How to Help Your Pet Bond With Baby

Follow these dos and don’ts for creating a safe, happy home for both your babies, furry and otherwise.
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Updated July 15, 2020
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Welcoming a new addition to the family is an exciting (and nerve-racking) time. While you can’t wait to bring baby home, you’ll want to make sure everyone, and everything, is ready for your little one’s arrival. That means prepping both your pet and your physical space for the transition. We asked an expert on animal behavior for her top dos and dont’s for introducing baby to the family pet in a way that keeps both feeling happy and safe.

Do: Be Proactive About Preparing Your Pet

Yes, you already have a ton to take care of before baby comes home—from organizing the nursery to assembling a cute wardrobe—but it’s equally important to prep your pet for the new arrival. You shouldn’t assume your furry friend will automatically adore baby; while most pets are pretty adaptable, it’s up to you to be proactive about the introduction.

Start familiarizing pets with the elements that an infant requires as soon as possible, suggests Suzanne Hetts, PhD, a certified animal behaviorist and co-owner or Animal Behavior Associates. Let your pet sniff new furniture and supplies so it can get used to unfamiliar scents. You’ll also want to acquaint them with the sounds and changes in behavior that come when a baby does. That includes carrying around and talking to a baby doll (yes, really!) and playing a recording of a crying newborn. “Expose your pet to those ahead of time in graduated steps, making sure every time that exposure happens, good things (like receiving a treat) happen,” Hetts says.

Do: Understand Your Pet’s Behavior

The most common reaction from pets is curiosity: They want to know about this new creature in their house. Let your cat or dog welcome baby with a little sniff, and you’ll find they are simply able to go about their day afterward.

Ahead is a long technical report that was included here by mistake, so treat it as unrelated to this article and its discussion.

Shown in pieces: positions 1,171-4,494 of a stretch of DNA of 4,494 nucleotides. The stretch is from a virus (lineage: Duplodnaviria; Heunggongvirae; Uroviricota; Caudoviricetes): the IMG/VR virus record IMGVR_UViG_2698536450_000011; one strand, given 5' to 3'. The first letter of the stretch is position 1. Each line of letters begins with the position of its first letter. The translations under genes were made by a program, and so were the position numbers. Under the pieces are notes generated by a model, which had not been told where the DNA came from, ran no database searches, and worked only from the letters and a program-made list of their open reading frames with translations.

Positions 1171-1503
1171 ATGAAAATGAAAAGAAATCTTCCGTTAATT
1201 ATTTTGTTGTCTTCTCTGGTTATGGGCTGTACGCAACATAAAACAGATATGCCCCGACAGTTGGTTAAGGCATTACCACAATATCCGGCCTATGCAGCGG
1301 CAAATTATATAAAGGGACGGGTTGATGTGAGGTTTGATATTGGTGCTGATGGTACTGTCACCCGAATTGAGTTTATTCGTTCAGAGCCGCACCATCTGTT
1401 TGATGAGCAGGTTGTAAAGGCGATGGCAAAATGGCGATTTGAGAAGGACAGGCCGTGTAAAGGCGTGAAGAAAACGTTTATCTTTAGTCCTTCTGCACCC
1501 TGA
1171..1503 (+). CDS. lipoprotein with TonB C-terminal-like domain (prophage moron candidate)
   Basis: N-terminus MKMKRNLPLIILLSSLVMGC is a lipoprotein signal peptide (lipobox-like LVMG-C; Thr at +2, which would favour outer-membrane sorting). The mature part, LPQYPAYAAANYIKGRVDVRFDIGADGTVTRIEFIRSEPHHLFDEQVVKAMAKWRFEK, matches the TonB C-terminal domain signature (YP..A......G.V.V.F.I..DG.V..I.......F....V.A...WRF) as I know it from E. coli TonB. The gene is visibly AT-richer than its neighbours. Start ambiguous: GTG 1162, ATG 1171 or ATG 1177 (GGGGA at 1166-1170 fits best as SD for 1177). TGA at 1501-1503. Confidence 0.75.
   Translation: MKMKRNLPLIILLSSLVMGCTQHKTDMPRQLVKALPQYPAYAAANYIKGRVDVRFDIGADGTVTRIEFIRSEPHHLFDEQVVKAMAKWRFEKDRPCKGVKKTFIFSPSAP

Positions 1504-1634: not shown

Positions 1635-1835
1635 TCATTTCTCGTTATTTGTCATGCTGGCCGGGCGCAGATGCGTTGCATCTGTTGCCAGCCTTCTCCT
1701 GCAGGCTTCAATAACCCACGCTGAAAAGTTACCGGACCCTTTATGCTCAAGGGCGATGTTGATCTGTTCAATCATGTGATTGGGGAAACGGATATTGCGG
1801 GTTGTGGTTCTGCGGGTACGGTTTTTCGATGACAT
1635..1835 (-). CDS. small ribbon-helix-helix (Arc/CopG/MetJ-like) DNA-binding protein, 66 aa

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Just remember to show your pet some extra love. “When a dog or cat is competing with a baby for attention, we see an increase in pestering behavior,” Hetts says. “People say that their pet is acting out, but really the dog or cat is just trying to get its needs met. Now that they have to share attention, they’ll try harder to get the attention directed back.” Play fetch in the backyard or nearby park, engage in a tug game after the baby’s gone down for a nap or go for a walk—anything to help you and your fur baby enjoy a little quality time.

Do: Give Pets Their Own Space

If you encounter a more problematic reaction from your pet, it’s usually coming from a place of fear, according to Hetts, and doesn’t occur until baby begins to crawl and invade the pet’s space. Your pet needs a safe area to escape from all the new changes; somewhere baby can’t get to works especially well. “Cats are pretty good at making their own areas; they can jump up high and get above the fray. Dogs can’t do that,” Hetts says. She suggests putting a pet bed at the top of a flight of stairs, or positioning a crate so that baby can’t access it, but your pet can come and go as it pleases.